|Financial Flows to Africa
Sub-Saharan Africa Attract More Private Capital Inflows?
Amar Bhattacharya, Peter J. Montiel, and Sunil Sharma
International private capital has largely bypassed sub-Saharan Africa. But
this fact masks significant differences among countries. What accounts for these
differences, and what actions can sub-Saharan countries take to attract more private
Liberalization in Africa and Asia
Huw Pill and Mahmood Pradhan
Asian countries have generally been more successful than African countries
in liberalizing their financial systems. Why have their outcomes differed? Asia's
experience with liberalization offers some useful lessons for Africa.
Rural Energy Problem in Developing Countries
Douglas F. Barnes, Robert van der Plas, and Willem Floor
Many people in the developing world lack access to energy sources such as
oil, gas, and electricity, and still depend on biomass. The problems of supplying them
with modern fuels appear daunting, but practical and financially sustainable solutions
Needs Structural Change
Japan's economic miracle appears to be waning. Structural changes are
needed to put the economy on a reasonably high growth path once again.
Also in this Issue
the Environment: Allies or Foes?
Vinod Thomas and Tamara Belt
Newly industrializing economies have shown the way to high growth and
rapid poverty reduction, but at the expense of severe environmental losses. This
experience shows that the challenges of growth and the environment must be addressed
||The Reform of
Wholesale Payment Systems
David Folkerts-Landau, Peter Garber, and Dirk Schoenmaker
Central and commercial banks in the major industrial countries are
combining efforts to reduce the risks inherent in the world's wholesale payment systems.
These reforms are beneficial, but could have an adverse impact on the liquidity of
Crucial Role in Corporate Governance
Cheryl W. Gray
Effective debt monitoring and collection play a crucial role in corporate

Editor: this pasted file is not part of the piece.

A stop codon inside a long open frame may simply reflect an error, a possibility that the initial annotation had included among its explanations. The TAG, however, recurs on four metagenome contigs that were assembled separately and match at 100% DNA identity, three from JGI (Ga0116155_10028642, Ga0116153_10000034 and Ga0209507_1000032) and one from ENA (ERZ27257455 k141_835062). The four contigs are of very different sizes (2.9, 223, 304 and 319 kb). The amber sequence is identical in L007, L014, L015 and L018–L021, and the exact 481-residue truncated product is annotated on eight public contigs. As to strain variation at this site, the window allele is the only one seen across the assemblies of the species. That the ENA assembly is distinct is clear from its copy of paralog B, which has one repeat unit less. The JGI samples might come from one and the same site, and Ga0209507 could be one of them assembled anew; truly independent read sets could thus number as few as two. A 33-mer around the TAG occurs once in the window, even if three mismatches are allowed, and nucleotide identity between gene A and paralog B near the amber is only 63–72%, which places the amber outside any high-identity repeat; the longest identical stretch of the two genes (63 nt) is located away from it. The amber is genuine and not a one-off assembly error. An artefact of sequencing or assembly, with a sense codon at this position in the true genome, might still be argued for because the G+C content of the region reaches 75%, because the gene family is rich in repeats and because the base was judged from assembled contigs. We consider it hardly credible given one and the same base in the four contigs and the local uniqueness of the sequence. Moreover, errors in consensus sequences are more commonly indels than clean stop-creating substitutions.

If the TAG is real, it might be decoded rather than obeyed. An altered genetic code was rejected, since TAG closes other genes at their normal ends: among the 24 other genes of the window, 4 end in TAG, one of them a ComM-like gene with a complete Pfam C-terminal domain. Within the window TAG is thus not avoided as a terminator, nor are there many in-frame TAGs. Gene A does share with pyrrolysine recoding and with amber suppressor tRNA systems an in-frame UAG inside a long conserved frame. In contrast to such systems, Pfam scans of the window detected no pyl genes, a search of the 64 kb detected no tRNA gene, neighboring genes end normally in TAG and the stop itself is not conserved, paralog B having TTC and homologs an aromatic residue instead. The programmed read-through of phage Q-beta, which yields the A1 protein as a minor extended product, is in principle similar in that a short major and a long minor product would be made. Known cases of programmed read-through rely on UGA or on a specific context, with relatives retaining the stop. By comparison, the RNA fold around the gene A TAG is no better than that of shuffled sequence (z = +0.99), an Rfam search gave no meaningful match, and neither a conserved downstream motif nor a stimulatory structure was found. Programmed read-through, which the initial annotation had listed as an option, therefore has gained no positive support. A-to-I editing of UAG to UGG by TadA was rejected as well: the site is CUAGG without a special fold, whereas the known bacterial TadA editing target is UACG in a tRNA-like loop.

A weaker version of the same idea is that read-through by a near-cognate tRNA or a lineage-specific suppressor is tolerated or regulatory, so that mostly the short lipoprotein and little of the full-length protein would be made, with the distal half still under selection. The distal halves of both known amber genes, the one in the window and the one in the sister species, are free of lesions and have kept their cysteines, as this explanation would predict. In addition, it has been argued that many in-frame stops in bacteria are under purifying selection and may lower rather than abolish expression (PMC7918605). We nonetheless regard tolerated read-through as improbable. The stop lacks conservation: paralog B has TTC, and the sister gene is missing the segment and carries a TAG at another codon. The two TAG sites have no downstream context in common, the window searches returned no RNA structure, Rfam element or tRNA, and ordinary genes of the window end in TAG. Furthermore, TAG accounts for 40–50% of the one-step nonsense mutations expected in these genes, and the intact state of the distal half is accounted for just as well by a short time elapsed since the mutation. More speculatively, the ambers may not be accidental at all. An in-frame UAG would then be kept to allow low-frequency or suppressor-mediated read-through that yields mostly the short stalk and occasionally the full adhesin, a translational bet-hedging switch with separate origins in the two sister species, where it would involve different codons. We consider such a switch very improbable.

governance in market economies and require adequate information, creditor incentives, and
an appropriate legal framework.
Rates: An Approach to Liberalization
Hassanali Mehran and Bernard Laurens
Interest rate liberalization may not produce the expected benefits if the
timing, pace, and sequencing are off. These should be determined by the degree of
macroeconomic stability, conditions in the banking and state enterprise sectors, and the
central bank's capabilities.
India's Saving Performance
One of the prerequisites for putting India on a high growth path is a
substantial rise in domestic saving. This will require tighter fiscal policies and strong
structural reforms, including liberalization of financial markets.
Islamic finance is emerging as a rapidly growing part of the financial
sector in the Islamic world. Islamic finance is not restricted to Islamic countries, but
is spreading wherever there is a sizable Muslim community.
from the Editor
Economy in Transition
Bias in the US Consumer Price Index: Why It Could Be Important
Paul A. Armknecht and Paula R. De Masi
Developing Countries Get More Private Investment, Less Aid
Education and Health Care in the Caribbean
The Banking Panics of the Great Depression by Elmus Wicker
reviewed by James M. Boughton
The Foreign Aid Business: Economic Assistance and Development Co-operation by
Kunibert Raffer and H.W. Singer
reviewed by David Dollar
The Clash of Civilizations and the Remaking of World Order by Samuel P. Huntington
reviewed by Ke-young Chu
Fifty Years of Bretton Woods Twins (IMF and World Bank) by S.L.N. Simha
reviewed by Margaret Garritsen de Vries
Institutions for Environmental Aid: Pitfalls and Promise, edited by Robert O.
Keohane and Marc A. Levy
reviewed by David Freestone
Central Banking in Developing Countries by Anand Chandavarkar
reviewed by Manuel Guitián
Against the Tide: An Intellectual History of Free Trade by Douglas A. Irwin
reviewed by J.M. Finger